Virgin Galactic accomplished what is predicted to be its final test flight Thursday before taking paying customers on temporary trips to space, marking what the space tourism company described as a “unbelievable achievement” in what has been a protracted road to business operations.
Six of the corporate’s employees, including two pilots, landed at Spaceport America in southern Latest Mexico after the short up-and-down flight that included just a few minutes of weightlessness.
It took about an hour for the mother ship to hold the spaceplane to an altitude of 44,500 feet, where it was released and fired its rocket motor to make the ultimate push.
“Successful boost, WE HAVE REACHED SPACE!” Virgin Galactic tweeted.
It reached an altitude of 54.2 miles before gliding back right down to the runway, in response to the corporate.
Jamila Gilbert, who grew up in southern Latest Mexico and leads the corporate’s internal communications, was amongst those on board who were evaluating what it would be like for paying customers.
It was hard for her to place the experience into words, saying it probably will take a lifetime to process the sights and the emotions that filled those moments between the rocket igniting and the spaceship reaching its highest point.
“It was just this magnetic pull,” she said in an interview. “Once I began searching, I could feel that I used to be floating. I could hear voices. But I couldn’t stop the planet, and I couldn’t look away.”
Fellow crew member Christopher Huie said it seems as if every little thing stopped when the spaceship was released from the carrier plane.
“You’re just waiting for the rocket to light,” said Huie, an aerospace engineer. “And I believe that moment had a lot anticipation, and I could have lived in that moment without end.”
Then got here somewhat jostle with the firing of the rocket, and the crew were pinned to their seats because the G-forces kicked in.
The flight got here nearly two years after founder Richard Branson beat fellow billionaire and Amazon founder Jeff Bezos and rocket company Blue Origin into space.
Bezos ended up flying nine days later from West Texas, and Blue Origin has since launched several passenger trips. Federal aviation authorities banned Virgin Galactic launches after Branson’s flight to analyze a mishap.
Virgin Galactic has been working for greater than a decade to send paying passengers on short space hops and in 2021 finally won the federal government’s approval.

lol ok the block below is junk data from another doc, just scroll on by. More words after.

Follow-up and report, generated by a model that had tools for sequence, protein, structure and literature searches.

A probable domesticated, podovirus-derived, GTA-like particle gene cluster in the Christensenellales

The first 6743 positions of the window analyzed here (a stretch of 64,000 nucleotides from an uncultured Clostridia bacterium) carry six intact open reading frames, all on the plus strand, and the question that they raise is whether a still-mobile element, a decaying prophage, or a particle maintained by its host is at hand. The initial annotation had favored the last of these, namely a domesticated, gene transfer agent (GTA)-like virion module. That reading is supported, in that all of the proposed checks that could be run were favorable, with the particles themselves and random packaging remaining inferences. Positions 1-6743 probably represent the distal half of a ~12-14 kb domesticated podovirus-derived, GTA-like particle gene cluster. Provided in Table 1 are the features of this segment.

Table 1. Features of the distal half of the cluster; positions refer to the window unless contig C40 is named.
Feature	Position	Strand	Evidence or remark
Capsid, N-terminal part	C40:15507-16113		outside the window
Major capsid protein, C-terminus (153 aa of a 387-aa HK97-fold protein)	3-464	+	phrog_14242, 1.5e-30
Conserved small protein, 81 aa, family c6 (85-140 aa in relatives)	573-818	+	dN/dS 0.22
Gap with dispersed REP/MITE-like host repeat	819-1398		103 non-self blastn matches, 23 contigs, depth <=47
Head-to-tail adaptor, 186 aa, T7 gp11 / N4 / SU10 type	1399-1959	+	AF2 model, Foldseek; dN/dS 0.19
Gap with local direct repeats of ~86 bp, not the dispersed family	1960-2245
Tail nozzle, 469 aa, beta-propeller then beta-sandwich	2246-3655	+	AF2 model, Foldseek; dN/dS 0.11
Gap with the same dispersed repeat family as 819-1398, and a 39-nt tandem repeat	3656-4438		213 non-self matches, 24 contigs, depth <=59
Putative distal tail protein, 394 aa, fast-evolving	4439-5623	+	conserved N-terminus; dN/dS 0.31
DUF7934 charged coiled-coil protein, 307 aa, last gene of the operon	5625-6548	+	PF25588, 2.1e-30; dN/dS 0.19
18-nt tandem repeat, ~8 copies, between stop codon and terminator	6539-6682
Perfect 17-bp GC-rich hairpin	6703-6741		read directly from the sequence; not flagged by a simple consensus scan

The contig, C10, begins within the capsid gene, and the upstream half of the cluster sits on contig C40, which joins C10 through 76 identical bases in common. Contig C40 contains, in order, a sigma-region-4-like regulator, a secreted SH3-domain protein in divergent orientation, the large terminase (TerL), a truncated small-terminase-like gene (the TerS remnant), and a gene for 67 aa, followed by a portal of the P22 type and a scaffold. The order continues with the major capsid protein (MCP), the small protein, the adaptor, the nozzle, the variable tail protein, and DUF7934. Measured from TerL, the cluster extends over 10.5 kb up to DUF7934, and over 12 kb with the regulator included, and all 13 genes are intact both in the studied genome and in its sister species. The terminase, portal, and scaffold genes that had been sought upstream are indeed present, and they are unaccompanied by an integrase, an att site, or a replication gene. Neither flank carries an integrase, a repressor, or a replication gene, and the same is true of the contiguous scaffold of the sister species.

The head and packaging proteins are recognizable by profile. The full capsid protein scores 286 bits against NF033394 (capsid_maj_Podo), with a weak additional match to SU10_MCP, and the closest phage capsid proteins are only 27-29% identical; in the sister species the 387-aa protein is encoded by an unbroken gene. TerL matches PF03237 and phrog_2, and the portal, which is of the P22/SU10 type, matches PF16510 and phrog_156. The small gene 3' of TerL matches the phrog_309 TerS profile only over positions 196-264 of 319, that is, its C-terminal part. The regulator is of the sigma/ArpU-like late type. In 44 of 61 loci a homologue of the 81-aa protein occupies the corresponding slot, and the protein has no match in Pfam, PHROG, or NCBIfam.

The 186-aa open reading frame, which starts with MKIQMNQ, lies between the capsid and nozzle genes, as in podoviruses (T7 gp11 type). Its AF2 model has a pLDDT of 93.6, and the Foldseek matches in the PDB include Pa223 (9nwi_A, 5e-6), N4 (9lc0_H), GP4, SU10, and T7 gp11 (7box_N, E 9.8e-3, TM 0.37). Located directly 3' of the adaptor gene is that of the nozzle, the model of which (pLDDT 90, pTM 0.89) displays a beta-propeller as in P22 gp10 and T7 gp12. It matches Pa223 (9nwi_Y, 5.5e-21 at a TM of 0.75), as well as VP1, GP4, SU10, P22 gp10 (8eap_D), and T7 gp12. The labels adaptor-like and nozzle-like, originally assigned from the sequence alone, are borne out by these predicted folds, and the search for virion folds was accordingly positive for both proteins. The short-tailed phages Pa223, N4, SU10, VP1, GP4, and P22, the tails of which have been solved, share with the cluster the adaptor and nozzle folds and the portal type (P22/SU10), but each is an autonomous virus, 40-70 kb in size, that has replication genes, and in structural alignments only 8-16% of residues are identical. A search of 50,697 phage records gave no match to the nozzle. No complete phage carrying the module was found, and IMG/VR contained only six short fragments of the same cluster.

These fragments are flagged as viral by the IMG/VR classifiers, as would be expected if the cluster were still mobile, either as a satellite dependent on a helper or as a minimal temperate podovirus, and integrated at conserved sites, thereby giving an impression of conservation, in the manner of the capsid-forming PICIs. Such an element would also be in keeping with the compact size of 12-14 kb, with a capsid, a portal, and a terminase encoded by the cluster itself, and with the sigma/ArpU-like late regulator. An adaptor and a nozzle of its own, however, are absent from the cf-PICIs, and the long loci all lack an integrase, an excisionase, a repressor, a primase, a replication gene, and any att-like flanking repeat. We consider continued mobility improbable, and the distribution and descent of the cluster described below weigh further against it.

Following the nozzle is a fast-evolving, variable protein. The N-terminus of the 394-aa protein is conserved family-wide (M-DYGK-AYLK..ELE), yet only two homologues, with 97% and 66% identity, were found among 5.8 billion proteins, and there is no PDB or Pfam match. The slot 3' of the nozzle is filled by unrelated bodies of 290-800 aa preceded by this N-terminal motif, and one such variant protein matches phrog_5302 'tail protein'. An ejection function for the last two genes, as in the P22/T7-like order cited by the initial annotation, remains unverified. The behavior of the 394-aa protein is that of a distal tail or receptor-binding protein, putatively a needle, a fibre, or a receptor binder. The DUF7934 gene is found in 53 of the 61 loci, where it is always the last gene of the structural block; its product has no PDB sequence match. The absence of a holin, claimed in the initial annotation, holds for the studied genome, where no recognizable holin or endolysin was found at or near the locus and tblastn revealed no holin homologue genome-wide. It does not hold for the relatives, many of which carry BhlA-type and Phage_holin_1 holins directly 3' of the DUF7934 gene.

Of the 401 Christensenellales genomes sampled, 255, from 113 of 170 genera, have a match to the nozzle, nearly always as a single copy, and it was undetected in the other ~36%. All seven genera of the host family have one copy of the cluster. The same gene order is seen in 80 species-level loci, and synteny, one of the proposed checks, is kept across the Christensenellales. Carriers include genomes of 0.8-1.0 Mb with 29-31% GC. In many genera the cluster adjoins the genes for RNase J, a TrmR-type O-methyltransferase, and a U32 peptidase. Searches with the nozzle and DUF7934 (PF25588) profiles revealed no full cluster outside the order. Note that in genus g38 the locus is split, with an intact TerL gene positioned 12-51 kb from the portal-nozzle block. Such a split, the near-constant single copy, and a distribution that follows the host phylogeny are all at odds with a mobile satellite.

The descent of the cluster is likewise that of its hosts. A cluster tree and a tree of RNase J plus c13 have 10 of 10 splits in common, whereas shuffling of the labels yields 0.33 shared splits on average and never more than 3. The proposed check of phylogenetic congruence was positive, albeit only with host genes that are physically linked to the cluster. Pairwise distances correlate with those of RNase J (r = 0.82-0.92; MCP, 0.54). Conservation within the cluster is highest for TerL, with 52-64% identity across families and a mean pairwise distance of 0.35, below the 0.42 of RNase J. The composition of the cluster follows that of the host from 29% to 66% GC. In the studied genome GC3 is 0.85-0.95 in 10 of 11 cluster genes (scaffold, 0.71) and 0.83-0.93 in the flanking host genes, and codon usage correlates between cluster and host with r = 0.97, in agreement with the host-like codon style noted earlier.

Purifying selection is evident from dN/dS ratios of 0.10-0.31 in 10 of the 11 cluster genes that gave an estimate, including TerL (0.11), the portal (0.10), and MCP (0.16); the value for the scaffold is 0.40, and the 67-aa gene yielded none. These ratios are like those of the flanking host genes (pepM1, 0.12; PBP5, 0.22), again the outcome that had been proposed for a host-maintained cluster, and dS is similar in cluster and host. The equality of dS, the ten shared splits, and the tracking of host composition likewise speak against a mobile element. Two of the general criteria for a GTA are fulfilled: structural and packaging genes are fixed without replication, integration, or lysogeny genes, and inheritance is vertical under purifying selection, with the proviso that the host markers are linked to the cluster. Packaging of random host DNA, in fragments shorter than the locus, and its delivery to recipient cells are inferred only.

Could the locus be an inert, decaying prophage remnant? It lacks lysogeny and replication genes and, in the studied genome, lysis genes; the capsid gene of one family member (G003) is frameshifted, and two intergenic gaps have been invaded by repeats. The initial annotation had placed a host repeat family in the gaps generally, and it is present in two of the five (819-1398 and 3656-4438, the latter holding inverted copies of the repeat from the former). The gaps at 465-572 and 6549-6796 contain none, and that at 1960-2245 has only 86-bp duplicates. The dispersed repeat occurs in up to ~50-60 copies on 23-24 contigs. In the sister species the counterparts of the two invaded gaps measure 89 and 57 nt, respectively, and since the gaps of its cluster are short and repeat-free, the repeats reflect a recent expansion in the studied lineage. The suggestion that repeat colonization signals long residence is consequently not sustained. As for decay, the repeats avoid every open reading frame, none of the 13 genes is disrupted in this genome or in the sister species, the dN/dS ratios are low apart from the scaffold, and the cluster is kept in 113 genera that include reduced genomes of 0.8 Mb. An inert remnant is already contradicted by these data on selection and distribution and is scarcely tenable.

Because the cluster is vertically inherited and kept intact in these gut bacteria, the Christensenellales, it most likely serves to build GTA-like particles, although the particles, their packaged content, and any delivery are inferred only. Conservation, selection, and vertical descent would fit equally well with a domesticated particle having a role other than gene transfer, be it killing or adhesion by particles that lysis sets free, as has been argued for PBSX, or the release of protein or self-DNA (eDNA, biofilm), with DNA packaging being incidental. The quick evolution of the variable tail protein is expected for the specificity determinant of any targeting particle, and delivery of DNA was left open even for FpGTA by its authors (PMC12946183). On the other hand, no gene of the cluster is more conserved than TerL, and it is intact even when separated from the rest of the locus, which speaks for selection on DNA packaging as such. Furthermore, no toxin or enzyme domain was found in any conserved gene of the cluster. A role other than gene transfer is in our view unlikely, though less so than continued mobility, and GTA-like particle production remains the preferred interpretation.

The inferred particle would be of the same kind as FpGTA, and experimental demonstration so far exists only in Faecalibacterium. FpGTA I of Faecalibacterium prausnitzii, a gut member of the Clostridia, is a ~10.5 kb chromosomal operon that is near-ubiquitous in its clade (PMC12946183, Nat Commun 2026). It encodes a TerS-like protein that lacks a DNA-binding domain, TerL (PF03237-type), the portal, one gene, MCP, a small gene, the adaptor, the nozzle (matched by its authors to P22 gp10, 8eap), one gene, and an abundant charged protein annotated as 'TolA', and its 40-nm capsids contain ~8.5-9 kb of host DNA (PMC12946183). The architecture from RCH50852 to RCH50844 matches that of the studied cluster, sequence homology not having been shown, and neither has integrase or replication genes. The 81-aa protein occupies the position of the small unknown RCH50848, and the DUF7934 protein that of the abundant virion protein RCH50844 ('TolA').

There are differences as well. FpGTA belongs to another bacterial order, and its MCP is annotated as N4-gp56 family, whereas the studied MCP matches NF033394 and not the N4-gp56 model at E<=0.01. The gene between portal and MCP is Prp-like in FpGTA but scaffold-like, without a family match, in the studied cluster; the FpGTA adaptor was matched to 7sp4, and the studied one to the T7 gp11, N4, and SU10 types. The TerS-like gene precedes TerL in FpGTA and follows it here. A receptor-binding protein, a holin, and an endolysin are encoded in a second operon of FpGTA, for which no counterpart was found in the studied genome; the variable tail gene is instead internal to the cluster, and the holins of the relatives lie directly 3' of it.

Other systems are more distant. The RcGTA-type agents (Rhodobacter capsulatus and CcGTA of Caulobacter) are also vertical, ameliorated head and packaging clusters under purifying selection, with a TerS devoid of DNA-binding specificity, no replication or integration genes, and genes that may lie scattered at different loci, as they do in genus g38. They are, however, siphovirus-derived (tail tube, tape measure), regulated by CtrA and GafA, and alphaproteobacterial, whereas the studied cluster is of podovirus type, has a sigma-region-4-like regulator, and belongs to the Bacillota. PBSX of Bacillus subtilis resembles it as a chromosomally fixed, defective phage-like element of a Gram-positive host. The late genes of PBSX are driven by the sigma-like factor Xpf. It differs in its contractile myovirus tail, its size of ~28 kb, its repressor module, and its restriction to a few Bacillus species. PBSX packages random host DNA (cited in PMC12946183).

The following step will likely be for Virgin Galactic to research data from Thursday’s flight and inspect the planes and other equipment as the corporate prepares for business service, possibly as soon as late June.
Virgin Galactic CEO Michael Colglazier has acknowledged the delays and missed deadlines over time.
But on Thursday, he said seeing the crew’s reactions after landing gave him confidence in what the corporate has built to date.
The initial business flight will include members of the Italian Air Force who will conduct experiments. Next will come customers who purchased tickets years ago for his or her likelihood at weightlessness aboard a winged spacecraft that launches from the belly of an airplane.
About 800 tickets have been sold over the past decade, with the initial batch going for $200,000 each. Tickets now cost $450,000 per person.
Virgin Galactic has reached space five times since 2018 and will likely be aiming for 400 flights per 12 months from Spaceport America once it finishes constructing its next class of rocket-powered planes at a facility in neighboring Arizona.
After Branson’s trip, the Federal Aviation Administration grounded flights because it investigated an issue that caused the rocket ship to veer off track during its descent back to its runway within the Latest Mexico desert.
Virgin Galactic insisted on the time that Branson and others were never in any danger.
The corporate made changes to its carrier airplane and the spaceplane.
The delay was nearly twice so long as expected, partly due to supply chain issues and labor shortages.
Branson joined a bunch of shoppers who watched Thursday’s flight from Spaceport America.
Huie, a senior manager with Virgin Galactic’s flight sciences engineering team, said the corporate is prepared for business service and will likely be expanding its fleet over the approaching years.
“We’re seeking to scale up in an enormous way,” he said, “and the goal is to populate a number of spaceports with a number of spaceships and motherships and send tons of of individuals every 12 months to space.”
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